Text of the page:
Andrew Yang said Thursday that is was "both an honor and disappointment” to be the only candidate of color on the debate stage, something that happened after New Jersey Sen. Cory Booker and former Housing and Urban Development Secretary Julián Castro failed to qualify for the debate and California Sen. Kamala Harris dropped out of the race.
“It’s both an honor and disappointment to be the lone candidate of color on the stage tonight,” said Yang, who is Asian.“I miss Kamala, I miss Cory,” Yang said, before adding with a smile, “although I think Cory will be back.”
The line drew big applause and highlighted Yang’s long-standing friendship with Booker. Yang went on to detail how he had racial epithets used against him as a child, but added, “but black and Latinos have something much more powerful working against them than words.”
Yang used the answer to pivot to his Freedom Dividend, the universal basic income proposal that is central to his campaign.
“The question is why am I the lone candidate of color on this stage? Fewer than 5% of Americans donate to political campaigns. You know what you need to donate to political campaigns? Disposable income,” Yang said. “I guarantee if we had a freedom dividend of $1,000 a month, I would not be the only candidate of color on this stage tonight.”
6:50PM: Biden says returning to normal after Trump is not enough
Former Vice President Joe Biden said that returning to “normal is not enough” when pressed Thursday night on his claims that if President Donald Trump loses in 2020, Republicans will have an “epiphany” and bipartisan cooperation will become more possible.“With Trump out of the way, it’s not going to change things in a fundamental way,” Biden said.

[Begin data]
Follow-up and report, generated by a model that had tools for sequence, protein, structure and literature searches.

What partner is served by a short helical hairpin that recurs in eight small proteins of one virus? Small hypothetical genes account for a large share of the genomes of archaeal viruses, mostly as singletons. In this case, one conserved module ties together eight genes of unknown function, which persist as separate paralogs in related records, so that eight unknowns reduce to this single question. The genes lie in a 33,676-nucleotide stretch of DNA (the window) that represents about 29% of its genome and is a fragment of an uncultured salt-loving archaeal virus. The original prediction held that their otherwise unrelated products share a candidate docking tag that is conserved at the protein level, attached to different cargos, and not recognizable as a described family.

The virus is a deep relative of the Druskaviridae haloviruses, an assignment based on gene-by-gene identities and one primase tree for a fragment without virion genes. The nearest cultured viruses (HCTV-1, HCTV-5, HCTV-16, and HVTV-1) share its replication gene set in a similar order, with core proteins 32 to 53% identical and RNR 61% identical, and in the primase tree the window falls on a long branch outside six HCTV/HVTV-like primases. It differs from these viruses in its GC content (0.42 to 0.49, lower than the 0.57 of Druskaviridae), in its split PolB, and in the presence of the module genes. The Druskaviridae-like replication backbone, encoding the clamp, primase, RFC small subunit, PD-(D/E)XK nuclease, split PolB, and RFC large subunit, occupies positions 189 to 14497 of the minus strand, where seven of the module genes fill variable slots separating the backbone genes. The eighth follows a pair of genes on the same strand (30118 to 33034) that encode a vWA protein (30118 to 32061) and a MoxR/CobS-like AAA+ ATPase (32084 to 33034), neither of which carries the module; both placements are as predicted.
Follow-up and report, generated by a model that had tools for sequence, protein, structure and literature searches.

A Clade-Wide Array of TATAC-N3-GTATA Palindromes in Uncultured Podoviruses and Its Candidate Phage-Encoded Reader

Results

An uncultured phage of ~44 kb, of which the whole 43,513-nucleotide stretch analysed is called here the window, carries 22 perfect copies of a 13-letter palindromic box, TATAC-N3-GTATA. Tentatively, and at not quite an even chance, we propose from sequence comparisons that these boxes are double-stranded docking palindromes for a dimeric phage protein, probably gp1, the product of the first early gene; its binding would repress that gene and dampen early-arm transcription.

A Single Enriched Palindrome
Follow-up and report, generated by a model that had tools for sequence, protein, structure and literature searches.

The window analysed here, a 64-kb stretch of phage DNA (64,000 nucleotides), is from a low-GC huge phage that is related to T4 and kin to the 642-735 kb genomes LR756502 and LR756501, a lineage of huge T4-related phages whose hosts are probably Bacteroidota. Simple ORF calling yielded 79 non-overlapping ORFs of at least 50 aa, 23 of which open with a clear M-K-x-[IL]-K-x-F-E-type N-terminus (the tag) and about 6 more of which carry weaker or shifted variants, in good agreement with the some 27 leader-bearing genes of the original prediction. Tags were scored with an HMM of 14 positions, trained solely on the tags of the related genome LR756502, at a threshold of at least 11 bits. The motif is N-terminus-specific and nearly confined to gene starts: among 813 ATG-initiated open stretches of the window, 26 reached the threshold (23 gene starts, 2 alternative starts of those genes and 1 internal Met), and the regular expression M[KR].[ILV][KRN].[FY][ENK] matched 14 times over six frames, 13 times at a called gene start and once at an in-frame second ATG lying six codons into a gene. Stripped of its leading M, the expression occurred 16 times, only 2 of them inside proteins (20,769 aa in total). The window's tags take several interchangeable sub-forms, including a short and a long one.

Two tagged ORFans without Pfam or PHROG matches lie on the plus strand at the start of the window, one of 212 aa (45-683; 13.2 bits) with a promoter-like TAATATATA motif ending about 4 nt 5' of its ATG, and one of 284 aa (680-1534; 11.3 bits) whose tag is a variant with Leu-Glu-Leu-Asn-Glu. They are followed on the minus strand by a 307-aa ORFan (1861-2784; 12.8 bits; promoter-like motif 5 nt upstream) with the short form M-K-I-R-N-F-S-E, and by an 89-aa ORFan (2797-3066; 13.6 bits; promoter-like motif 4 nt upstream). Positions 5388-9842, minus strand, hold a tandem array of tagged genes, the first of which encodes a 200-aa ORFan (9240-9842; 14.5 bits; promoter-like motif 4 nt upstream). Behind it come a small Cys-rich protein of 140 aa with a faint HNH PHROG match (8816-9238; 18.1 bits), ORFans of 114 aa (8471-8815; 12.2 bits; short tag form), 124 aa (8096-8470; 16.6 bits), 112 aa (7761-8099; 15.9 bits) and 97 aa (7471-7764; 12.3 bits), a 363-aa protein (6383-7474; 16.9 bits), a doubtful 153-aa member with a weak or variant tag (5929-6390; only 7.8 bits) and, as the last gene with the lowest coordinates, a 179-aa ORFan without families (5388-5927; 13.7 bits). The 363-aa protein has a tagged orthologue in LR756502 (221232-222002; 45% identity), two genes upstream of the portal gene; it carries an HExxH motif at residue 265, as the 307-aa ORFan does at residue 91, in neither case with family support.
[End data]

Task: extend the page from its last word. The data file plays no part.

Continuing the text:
Still, he said, Republicans would no longer be intimidated by the threat of primaries from pro-Trump challengers.
“I refuse to accept the notion, as some on this stage do, that we can never, never get to a place where we have cooperation again. If that’s the case, then we are dead as a country,” he said.
Biden said he has “no love” for GOP lawmakers who have attacked him and his family.
“We have to be able to get things done, and when we can’t convince them, we go out and beat them like we did in the 2018 elections in red states and in purple states,” he said.
6:40PM: Buttigieg suggests Warren is offering "false choice" with her plans
South Bend, Indiana, Mayor Pete Buttigieg subtly hit Massachusetts Sen. Elizabeth Warren in response to a question about her ambitious and costly plans, suggesting that Warren is offering the country a “false choice” by arguing candidates who don’t agree with her vision are not willing to take on the nation’s biggest fights.
“Right now, I think we’re being offered a false choice. You either have to go all the way to the extreme or it’s business as usual,” Buttigieg said. “Yes, we must deliver big ideas and yes, taxes on wealthy individuals and on corporations are going to have to go up. We can also be smart about the promises we’re making, make sure they’re promises that we can keep without the kind of taxation that economists tell us could hurt the economy.”